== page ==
In terms of the background, so events, marketing, radio. I guess there's some useful traits there, right or useful sort of crossover traits in terms of the Employee Experience? 

Rachael O'Shea: Yeah, definitely, I think look obviously a lot of what marketing is is comms right? It's communicating and whether that's selling a product or selling ourselves as an employer – that might come out a little bit wrong! – but you know, I think for me, the way I view our employees is they’re our customers and one of the biggest learnings I suppose over the last couple of years and I'm sure you'll agree, is that the relationship between an employee and an employer is gone much less transactional, right? And I say many years ago, it's not. It's a couple of years ago – you went to work, you got your paycheck and that was that. Whereas now it's a lot more two-way, y’know, so employees now expect a level of an experience I suppose, you know my title is Employee Experience!  

We're paying them for their skills and their expertise and the experience they have gained over the years, but then we need to now be in a position to give them something. So I think, yeah, like I laugh, to be honest because I remember finishing college, I did a very brief stint in radio sales and absolutely hated it. People think if you can talk, you're good at sales – it's not the case!

But when I got approached about this role I kind of went “oh my God” … Like it kind of was that moment of enlightenment where everything I had ever done up until that point kind of came together and presented itself in this role that I still feel is very much made for me, and I hope that my team would agree with me as well.

But yeah no two days are the same and I think being able to see the impact that myself and the team have and like you said, you know, seven years recognised as one of Ireland's Best Workplaces. It took a lot of work to get to where we are and it's taking a lot of work to remain in that list as well obviously, other employers have got a lot more competitive as well. So yeah, it’s a journey. 

Cathal Divilly: Absolutely and in terms of that journey piece, we're working on an infographic case study at the moment which we’ll release quite soon, which will just help our listeners to kind of see that journey that CluneTech have gone on over the last number of years.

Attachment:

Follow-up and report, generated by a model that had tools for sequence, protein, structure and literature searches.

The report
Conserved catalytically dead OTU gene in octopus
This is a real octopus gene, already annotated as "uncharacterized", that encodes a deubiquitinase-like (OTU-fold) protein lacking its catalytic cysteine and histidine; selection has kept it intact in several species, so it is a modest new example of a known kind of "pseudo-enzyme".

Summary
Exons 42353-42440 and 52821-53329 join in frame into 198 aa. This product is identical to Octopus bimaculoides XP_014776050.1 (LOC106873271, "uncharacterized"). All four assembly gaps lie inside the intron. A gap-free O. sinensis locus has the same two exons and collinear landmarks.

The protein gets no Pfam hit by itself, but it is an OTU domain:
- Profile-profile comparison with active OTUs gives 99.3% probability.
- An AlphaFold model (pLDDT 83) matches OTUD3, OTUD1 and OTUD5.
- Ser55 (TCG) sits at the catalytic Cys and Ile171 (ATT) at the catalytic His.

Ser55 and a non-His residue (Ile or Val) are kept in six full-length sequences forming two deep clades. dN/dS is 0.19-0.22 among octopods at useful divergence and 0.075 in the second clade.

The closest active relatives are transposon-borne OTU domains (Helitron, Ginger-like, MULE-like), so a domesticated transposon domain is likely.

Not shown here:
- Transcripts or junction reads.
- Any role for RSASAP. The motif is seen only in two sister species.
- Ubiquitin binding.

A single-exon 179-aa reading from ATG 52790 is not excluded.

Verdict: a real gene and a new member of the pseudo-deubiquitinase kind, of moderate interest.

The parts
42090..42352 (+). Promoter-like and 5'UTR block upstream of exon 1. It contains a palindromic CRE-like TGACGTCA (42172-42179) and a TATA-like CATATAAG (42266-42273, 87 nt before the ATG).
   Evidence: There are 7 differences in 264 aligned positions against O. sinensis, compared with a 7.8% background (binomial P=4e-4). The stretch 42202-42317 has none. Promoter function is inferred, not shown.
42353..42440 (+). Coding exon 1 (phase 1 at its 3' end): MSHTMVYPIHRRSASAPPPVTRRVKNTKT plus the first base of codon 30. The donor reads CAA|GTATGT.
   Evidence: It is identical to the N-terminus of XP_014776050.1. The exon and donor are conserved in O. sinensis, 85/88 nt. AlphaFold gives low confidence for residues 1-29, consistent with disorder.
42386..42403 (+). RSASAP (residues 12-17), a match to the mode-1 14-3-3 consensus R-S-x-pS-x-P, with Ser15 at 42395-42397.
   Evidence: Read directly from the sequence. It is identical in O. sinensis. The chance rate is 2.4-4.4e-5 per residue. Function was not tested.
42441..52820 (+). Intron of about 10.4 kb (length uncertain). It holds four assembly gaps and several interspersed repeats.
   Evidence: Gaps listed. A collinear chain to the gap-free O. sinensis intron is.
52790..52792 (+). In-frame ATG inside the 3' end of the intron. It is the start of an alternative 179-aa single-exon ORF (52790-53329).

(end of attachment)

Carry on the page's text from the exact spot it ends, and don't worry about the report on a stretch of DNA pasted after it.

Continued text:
So marketing is communications, I completely agree. I also completely agree that you have to sell your culture and you have to sell yourself as an employer internally and externally. So it's good to be able to say it.

I know we're through certainly the worst of it, but so we’re coming out of COVID right … Any sense Rachael as to sort of top three learnings for you and CluneTech post-COVID? 

Rachael O'Shea: Yeah, and it's so weird to say post-COVID, are we post-COVID? And you know there's that whole debate of the now, the future ... I think look, first and foremost, kind of touching on my last point, but be human. I think one of the biggest things we've learned is the importance of being human, and that's in everything; that's in your policies, it's in your communications, you know we’ve taken a much more human approach to just everything we do. And I think like I said about the relationship kind of evolving between employer and employee, I don't think that evolution can happen successfully if employers don't take a more human approach.  

I think second point is definitely do what works for you, and I think this is really important, especially probably for some of the companies on the smaller list for Ireland’s Best Workplaces. We got caught up I think for a very long time, comparing ourselves to  the Googles, the eBay's, the Metas, obviously previously Facebook. And I think you have to be realistic with the resources that you have as an employer, right? No one has the magic ingredients. No one has the secret key to success, whatever you want to call it. But I think it's about looking at OK, what you have in terms of the people, in terms of you know your tools, your internal comms platforms. I'm a big advocate for WorkVivo, anyone that knows me knows I am!  

But whatever you have available to you, use that and then do what works best for you. And try and avoid comparing yourselves to the kind of unreachable companies … I was at an event recently and Nike were talking, but they were chatting about their employee experience and it would be so easy for me to sit there and go “wow Oh my God, I'm going to do all of that”. You can't, right? They've got 84,000 staff globally, they've got Serena Williams as a Brand Ambassador. So they've got like a team of 10 who are just pushing out content internally from her that's all about being a pro athlete and you know, how you can challenge yourself.  

So again, there's no point in me even considering that we could do that … I did warn you, I might go off on a bit of a tangent! But I think the last one and arguably the most important is listen to your people. So I mentioned, my background is in marketing. I very much look at my employees as my customers, right? I had a radio show for a brief stint when I was in college and again our employees are like our listeners as well in that sense, if there's any radio heads.  

But they're the ones that are living your culture. They're the ones that control your culture. They're the ones that eat, sleep and breathe your culture, whether you like it or not. You can do all the fun stuff, you can get the ping pong table and all the stereotypical fun things. But unless you actually listen to what your people have to say and then action that feedback you're at absolutely nothing, and I think that's what we've learned.  

You know there is an element of OK look, manage the expectations as well, because sometimes you can do so much and then there's that kind of feeling of OK, well, what's next? And you do need to get that balance right. But yeah, so to summarise it all, be human, do what works for you and listen to your people, and I think the three of those actually tie in quite nicely together.